To increase sales of EV chargers, should the equipment be speedier? Slower? Smarter? Simpler? Smaller?
These are the questions that electric vehicle supply equipment (EVSE) companies are addressing as they design the second generation of chargers. With plug-in electric vehicles (PEVs) selling by the thousands each month in the U.S., EVSE companies are exploring new options to spark demand for residential and commercial charging equipment, and to differentiate their equipment from their competitors’.
Navigant Research’s recent report, Electric Vehicle Charging Equipment, which forecasts that more than 400,000 charging stations will be installed by 2015, highlights two areas where manufacturers are embracing variety: how quickly they can charge a vehicle and the level of built-in intelligence.
Not Too Slow, Not Too Fast
The first wave of DC fast chargers emphasized the fast aspect, with most companies offering 50-kilowatt (kW) chargers that could provide a battery electric vehicle (BEV) with an 80% charge in 15 minutes. However, high speed charging can have serious financial implications for the building owner, if it occurs during times of peak power. To avoid these demand charges, which can cost a company hundreds or even thousands of dollars for a single ill-timed EV charge, several EVSE manufacturers are offering “fast-enough” chargers. These DC chargers can provide power at up to 20 to 25 kW, and are significantly less expensive to purchase and install, which will make them attractive to a larger audience.
Even at these slower rates, most people will be able to get back on the road in 20 minutes or less, since EV drivers generally don’t wait to be running on empty to recharge. For example, according to the latest data from the DOE-funded EV Project, the average 20-minute DC charging session in the state of Oregon provided a smidge less than 8 kilowatt-hours (kWh) of energy, which is about one-third of a Nissan Leaf’s battery capacity.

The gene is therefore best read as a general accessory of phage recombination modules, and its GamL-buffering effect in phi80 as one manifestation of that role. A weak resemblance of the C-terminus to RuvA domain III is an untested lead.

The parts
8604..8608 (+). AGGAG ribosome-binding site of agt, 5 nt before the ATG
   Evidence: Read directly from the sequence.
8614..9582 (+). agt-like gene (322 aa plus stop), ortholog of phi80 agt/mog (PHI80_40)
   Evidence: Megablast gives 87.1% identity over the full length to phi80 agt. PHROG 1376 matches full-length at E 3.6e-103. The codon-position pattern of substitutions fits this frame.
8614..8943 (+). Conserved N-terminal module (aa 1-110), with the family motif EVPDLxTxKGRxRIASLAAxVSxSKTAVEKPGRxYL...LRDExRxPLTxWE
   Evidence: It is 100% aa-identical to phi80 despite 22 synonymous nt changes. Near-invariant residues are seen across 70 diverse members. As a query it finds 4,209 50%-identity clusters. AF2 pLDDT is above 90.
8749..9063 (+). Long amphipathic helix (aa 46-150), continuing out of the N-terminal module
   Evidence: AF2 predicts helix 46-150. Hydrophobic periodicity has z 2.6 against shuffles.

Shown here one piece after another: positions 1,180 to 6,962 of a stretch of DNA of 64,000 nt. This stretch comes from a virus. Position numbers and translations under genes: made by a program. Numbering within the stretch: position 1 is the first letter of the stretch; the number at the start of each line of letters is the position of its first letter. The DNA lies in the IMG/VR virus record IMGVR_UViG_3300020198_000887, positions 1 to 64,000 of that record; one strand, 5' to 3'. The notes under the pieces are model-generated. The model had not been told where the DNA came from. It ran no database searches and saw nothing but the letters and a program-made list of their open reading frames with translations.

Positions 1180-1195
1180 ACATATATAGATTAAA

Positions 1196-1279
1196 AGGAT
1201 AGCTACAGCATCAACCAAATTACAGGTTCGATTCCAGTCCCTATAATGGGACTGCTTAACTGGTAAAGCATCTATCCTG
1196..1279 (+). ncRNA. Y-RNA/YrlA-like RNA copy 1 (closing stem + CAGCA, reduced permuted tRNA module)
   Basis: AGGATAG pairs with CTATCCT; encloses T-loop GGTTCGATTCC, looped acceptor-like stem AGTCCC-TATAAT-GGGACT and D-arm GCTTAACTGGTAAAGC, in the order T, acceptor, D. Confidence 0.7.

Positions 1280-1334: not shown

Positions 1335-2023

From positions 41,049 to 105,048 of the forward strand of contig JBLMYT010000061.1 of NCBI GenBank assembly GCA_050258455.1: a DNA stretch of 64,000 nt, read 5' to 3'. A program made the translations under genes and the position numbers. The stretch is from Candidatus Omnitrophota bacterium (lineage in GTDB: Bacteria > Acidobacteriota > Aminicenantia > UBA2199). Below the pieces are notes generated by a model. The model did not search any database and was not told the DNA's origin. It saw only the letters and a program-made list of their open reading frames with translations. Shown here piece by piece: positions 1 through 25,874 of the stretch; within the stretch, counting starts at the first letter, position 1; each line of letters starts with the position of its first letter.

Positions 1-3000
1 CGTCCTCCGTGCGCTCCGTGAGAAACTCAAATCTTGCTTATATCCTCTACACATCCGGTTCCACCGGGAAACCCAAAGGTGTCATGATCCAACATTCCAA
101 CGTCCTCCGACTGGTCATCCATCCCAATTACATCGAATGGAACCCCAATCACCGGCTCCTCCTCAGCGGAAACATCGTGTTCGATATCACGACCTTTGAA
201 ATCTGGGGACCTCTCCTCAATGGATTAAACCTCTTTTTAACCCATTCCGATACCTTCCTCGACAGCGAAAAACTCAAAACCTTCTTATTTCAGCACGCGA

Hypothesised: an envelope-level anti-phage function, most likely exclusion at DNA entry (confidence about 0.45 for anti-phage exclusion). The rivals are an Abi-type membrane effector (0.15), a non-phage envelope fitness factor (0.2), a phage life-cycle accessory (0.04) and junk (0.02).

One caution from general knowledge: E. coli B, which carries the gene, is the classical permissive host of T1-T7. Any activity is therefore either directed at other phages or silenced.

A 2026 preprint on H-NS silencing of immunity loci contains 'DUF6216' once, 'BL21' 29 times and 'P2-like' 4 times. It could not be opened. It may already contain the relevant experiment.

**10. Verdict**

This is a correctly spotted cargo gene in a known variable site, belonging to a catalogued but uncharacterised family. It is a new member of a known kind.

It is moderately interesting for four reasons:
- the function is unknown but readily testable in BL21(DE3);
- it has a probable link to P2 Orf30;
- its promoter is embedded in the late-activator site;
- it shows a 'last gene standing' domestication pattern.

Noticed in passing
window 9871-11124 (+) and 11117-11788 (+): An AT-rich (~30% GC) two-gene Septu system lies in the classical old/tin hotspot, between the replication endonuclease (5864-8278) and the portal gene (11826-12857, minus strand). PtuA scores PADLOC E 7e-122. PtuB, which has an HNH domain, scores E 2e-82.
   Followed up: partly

Simpler is Better
ABB will be among the vendors at the EVS27 conference in Barcelona next week, which I’m attending, showing off a 20-25kw DC charger, with their new Terra 23 unit that can charge vehicles that use either the CHAdeMO or SAE’s combined charging system (CCS) standards.
Tesla Motors, on the other hand, has gone with uber-fast charging with its Supercharger network, which offers 120-kW charging. Tesla is using its 32-station U.S. charging network as a marketing tool that’s free to Model S owners – but not available to other EV owners.
For consumers who are looking to buy an EV charger for their home, the options are getting simpler, smarter, and less expensive. The price of simple Level 2 home chargers, which eschew advanced networking communications features that add significant cost, has dropped from more than $1,000 to $500 or less. Bosch and Clipper Creek are among the companies currently offering sub-$500 Level 2 EVSE chargers.
EVSE provider Etrel is pushing for greater sophistication with its charging equipment. The company will premiere a new home charger at EVS27, a web-enabled system that can be programmed online or via a mobile phone to charge when electricity is favorably priced. Also during EVS27, the CHAdeMO association will hold a meeting to discuss the latest advances in intelligent fast charging applications.
Tags: Clean Transportation, Conferences & Events, Electric Vehicles, EV Charging, Policy & Regulation, Smart Transportation Program
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